The New York Injury Cases Blog, written by Plaintiff lawyer John M . Hochfelder of White Plains, New York is a good resource for news on pain & suffering.
Hochfelder speaks of a $3,500,000 verdict was upheld on appeal in Rivera v. City of New York (2d Dept. 2011).
During the terrible final 4 3/4 hours of Anna Rivera's life, she suffered enormous physical pain and terror from:
- unrelenting pain while gasping for air and struggling to survive;
- extreme fright, anxiety and confusion at not being allowed the presence of and comfort from her parents
- panic and fear from being physically restrained to the bed without the paralytic and sedatives
- choking and gagging from the endotracheal tube while having to endure the invasive intubation procedures three times without anesthetics, sedatives and muscle relaxants
- severe agitation from fighting and bucking against the endotracheal tub
Other cases cited by Hochfelder...
- Reed v. City of New York (1st Dept. 2003) - $5,000,000 ($2,500,000 past - 6 years, $2,500,000 future - 30 years); 43 year old; brain damage with progressive tissue loss in lobes
- Paek v. City of New York (1st Dept. 2006) - $4,300,000 ($1,300,000 past - 6 years, $3,000,000 future - 40 years); 36 year old; traumatic brain injury with severe cognitive dysfunction
- Weldon v. Beal (2d Dept. 2000) - $5,000,000 ($2,000,000 past - 12 years, $3,000,000 future - 15 years); 26 year old; anoxic brain damage
- Evans v. St. Mary's Hospital (2d Dept. 2003) - $1,800,000 ($800,000 past - 13 years, $1,000,000 future - 31 years); 28 year old; anoxic brain damage
- Schaffer v. Batheja (2d Dept. 2010), about which Hochfelder wrote in detail, here. The court approved a pre-death pain and suffering award of $2,500,000 for a woman in a coma who was only sporadically aware of her condition (she'd lapsed into a coma due to medical malpractice) for the 4 1/2 years until she died.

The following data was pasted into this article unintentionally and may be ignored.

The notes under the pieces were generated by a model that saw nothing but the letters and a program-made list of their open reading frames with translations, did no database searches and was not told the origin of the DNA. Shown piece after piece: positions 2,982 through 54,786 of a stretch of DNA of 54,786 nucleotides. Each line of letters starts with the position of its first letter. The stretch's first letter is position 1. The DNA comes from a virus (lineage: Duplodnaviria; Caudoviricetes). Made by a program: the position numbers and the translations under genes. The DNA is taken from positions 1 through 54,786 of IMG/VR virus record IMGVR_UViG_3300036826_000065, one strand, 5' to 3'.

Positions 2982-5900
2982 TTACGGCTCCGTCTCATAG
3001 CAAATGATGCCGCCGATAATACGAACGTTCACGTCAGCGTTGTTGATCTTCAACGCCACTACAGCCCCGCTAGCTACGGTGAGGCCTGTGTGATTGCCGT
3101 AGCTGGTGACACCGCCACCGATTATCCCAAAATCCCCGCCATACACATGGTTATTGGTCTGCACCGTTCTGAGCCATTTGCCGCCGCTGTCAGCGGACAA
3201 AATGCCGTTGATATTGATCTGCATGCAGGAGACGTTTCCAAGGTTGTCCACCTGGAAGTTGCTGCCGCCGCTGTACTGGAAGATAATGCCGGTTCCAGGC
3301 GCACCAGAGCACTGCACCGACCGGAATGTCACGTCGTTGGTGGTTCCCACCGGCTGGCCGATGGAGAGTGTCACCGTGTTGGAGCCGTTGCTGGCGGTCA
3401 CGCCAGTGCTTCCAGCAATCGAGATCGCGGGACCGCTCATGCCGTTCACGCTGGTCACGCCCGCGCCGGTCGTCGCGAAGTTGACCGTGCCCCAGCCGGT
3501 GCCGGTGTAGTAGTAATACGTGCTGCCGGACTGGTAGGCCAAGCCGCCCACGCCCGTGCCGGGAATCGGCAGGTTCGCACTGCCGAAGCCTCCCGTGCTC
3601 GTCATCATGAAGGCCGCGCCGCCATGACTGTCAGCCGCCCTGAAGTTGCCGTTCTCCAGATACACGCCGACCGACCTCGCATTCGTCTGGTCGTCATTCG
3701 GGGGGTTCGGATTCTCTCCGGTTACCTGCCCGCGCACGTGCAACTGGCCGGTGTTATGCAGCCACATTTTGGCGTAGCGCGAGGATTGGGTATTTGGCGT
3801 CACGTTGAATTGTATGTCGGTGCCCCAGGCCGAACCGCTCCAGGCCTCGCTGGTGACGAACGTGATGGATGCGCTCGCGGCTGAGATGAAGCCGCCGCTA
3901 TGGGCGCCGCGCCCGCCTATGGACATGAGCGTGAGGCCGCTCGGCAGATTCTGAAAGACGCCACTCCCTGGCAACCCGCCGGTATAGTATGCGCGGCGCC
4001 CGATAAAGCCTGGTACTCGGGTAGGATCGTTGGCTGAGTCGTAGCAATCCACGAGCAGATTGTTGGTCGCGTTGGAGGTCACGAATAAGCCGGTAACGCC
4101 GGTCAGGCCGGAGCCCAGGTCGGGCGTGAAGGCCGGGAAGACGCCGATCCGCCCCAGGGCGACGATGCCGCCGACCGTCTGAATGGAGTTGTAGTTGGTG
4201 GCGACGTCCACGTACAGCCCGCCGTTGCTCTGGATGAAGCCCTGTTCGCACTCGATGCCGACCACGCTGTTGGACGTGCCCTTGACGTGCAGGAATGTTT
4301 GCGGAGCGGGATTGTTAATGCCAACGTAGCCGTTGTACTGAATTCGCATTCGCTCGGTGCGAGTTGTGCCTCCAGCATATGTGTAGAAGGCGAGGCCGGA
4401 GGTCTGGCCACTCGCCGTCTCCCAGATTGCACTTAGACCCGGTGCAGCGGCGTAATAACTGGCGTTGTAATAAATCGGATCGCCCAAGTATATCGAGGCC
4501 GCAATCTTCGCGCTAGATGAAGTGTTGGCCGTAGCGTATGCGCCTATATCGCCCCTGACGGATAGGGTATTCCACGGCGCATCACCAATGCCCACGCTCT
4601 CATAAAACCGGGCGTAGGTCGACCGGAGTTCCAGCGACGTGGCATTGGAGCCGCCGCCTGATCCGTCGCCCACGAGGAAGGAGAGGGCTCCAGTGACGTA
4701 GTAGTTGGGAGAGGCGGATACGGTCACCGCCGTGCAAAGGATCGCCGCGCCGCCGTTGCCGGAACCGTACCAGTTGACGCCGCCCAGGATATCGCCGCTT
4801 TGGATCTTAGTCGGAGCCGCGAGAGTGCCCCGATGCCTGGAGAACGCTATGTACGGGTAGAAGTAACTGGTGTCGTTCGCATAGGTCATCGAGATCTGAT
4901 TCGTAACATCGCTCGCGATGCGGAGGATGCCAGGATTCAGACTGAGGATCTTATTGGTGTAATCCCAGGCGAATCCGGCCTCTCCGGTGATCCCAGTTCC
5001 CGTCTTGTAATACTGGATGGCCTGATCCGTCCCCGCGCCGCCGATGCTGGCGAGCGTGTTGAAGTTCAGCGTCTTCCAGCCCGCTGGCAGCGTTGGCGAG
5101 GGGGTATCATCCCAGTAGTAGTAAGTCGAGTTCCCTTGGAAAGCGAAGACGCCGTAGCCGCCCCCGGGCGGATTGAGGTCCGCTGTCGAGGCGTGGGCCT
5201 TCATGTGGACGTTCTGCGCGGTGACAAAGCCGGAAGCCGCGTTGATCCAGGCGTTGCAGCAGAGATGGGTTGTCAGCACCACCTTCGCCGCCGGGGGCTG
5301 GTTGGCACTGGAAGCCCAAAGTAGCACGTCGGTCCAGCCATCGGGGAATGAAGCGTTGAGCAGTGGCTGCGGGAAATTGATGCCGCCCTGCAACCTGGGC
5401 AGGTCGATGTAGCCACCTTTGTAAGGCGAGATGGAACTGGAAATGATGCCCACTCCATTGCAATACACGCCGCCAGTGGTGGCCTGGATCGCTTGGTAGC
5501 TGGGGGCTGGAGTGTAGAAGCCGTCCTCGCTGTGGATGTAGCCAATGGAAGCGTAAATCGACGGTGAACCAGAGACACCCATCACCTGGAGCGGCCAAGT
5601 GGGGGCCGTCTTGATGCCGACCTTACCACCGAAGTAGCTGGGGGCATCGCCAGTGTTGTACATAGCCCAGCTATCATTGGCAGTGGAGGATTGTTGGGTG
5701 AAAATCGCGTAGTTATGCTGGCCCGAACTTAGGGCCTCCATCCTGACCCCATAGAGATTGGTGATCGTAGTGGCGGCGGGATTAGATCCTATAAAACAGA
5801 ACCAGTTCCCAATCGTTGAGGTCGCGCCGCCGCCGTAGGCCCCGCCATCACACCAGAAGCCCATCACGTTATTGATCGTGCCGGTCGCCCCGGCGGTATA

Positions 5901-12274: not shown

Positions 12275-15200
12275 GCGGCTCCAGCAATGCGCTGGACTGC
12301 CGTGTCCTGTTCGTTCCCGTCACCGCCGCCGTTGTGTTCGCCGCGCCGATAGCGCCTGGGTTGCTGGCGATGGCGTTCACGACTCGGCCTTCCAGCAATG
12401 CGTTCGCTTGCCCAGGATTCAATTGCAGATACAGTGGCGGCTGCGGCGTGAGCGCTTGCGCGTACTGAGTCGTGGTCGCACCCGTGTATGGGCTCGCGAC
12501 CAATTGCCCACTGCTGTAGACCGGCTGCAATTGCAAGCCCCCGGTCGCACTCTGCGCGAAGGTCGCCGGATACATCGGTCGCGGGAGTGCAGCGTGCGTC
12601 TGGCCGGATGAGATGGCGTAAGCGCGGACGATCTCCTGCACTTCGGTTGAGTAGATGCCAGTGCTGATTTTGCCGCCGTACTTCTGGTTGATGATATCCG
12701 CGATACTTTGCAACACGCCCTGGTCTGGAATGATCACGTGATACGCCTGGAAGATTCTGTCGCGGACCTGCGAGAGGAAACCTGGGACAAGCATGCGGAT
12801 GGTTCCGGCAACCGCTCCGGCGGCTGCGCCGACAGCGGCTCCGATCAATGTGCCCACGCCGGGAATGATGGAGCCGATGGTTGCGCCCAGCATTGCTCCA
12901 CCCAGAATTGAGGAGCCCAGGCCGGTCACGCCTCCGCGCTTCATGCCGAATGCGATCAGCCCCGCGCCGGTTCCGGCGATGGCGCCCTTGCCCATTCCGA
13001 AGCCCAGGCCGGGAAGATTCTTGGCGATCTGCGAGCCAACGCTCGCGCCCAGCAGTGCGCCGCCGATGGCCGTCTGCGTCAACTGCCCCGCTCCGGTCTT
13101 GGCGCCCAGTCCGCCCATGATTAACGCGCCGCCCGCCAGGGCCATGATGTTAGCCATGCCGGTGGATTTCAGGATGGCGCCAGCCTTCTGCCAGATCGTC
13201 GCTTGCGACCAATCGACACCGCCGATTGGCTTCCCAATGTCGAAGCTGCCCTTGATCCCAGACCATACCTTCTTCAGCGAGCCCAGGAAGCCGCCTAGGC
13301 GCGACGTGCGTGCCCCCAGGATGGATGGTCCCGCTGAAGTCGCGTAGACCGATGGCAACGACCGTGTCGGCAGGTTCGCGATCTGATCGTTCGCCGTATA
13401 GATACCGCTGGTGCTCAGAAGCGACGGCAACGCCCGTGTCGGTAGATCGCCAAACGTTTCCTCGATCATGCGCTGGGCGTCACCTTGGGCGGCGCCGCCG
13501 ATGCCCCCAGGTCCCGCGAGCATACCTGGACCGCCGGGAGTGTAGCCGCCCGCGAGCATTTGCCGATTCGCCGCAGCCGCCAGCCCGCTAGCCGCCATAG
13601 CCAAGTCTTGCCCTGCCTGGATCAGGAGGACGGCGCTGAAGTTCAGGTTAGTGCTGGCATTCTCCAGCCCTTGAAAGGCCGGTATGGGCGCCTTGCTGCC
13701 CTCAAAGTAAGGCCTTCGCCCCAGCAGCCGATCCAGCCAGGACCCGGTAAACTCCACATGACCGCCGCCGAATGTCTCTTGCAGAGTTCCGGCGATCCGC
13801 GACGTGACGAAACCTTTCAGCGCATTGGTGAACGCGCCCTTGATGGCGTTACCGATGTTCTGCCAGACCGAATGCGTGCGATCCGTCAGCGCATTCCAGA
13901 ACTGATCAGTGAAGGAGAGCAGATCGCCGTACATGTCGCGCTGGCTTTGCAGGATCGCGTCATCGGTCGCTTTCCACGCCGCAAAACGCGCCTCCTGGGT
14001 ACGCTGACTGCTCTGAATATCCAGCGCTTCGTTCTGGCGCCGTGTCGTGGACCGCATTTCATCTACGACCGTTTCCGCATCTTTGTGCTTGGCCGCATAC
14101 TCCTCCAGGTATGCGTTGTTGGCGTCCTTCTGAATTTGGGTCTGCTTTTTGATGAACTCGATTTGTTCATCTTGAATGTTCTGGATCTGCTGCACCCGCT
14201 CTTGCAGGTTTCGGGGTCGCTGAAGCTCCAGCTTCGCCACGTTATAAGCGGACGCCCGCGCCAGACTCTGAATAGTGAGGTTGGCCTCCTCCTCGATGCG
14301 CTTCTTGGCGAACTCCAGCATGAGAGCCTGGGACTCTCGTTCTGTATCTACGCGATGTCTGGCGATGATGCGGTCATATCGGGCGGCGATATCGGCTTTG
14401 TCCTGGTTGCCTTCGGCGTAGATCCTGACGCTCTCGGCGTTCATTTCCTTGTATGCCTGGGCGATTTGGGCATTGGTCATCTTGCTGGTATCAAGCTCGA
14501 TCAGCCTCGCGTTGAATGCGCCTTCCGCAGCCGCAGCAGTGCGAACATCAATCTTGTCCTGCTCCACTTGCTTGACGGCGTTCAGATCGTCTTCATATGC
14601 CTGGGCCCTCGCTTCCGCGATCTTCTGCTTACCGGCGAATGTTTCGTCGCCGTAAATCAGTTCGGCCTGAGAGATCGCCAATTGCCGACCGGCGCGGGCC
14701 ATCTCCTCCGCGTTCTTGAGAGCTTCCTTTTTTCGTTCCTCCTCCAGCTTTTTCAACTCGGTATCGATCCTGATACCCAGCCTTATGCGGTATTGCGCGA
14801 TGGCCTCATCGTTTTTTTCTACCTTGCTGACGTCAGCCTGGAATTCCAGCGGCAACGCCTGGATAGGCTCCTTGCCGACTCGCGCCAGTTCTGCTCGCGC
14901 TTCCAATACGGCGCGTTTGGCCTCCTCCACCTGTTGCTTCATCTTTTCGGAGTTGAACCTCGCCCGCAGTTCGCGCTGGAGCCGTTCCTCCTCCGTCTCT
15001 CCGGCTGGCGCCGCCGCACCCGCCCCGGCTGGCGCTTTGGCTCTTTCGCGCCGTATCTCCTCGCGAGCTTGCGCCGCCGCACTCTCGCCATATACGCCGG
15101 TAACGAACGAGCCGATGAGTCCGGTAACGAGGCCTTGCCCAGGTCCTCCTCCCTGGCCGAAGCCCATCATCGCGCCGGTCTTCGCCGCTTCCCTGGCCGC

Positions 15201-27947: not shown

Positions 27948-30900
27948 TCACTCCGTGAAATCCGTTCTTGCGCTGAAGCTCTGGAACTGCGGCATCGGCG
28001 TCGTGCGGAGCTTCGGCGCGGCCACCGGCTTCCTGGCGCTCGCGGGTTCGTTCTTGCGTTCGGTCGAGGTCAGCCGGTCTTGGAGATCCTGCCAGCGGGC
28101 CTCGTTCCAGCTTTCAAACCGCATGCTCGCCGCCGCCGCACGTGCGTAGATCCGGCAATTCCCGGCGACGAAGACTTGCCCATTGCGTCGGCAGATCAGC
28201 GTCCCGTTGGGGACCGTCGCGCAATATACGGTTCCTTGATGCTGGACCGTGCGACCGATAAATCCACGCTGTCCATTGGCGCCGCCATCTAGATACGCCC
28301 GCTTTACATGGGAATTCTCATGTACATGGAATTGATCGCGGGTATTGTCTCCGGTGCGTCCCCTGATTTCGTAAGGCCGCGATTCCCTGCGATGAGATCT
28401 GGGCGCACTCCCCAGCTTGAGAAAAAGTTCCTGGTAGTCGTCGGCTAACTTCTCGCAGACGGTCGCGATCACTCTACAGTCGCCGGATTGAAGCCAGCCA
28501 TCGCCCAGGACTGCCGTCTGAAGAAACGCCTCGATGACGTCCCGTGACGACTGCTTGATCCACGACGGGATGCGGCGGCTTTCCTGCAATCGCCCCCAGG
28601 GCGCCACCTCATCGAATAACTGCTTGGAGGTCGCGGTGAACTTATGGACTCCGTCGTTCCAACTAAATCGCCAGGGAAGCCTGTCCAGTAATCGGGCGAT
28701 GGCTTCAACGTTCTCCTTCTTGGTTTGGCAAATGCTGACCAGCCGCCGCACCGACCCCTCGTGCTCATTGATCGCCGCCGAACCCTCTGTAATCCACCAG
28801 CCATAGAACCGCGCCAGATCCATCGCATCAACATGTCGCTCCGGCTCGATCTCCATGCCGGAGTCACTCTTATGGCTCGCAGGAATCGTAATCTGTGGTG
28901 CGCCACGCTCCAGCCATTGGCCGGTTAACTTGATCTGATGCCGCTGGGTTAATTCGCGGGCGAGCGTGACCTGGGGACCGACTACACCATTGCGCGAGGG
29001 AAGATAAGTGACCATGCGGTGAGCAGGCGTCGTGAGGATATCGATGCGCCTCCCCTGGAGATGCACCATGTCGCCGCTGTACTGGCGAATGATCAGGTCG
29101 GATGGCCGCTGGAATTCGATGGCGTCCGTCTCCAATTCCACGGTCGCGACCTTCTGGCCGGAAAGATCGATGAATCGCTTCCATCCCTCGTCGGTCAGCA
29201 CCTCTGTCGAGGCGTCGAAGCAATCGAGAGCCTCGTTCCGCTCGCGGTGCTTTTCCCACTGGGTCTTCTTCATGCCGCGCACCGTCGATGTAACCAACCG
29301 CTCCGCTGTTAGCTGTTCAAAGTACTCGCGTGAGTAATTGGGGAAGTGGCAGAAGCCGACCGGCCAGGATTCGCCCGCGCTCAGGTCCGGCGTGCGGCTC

One of the nation's Leading authorities on settlement tax law, Robert Wood of San Francisco's Wood & Porter, refers to the IRS application of "narrow and unforgiving reading of the scope of section 104" in his article " The Uncertain Effects of a General Release" (May, 2, 2011 Tax Notes) . What makes anyone believe that they will be any less "narrow and unforgiving" on the subject of Section 130(c)?
The stakes are high for defendants and insurers, and even plaintiffs who could lose secured creditor status if an IRC 130(c) unwind were to go into effect.
Where is the tax support to justify an allocation to wrongful death ostensibly to accomodate the amount someone wants to structure, or the structure broker wants to sell, after the case has been pleaded for years on pain and suffering of the decedent in order to jack up the numbers?
is there any structured settlement broker or settlement planner that has enough errors and omissions to cover the taxes and penalties resulting from a mistake?
It would be a good thing for the life insurance companies issuing structured annuities and/or other stakeholders to obtain an IRS Private Letter Ruling or a fix to IRC 130(c) to be absolutely sure that payments made to an heir for the claims of an estate for damages paid to the estate for pre-death pain & suffering qualify under IRC 130(c).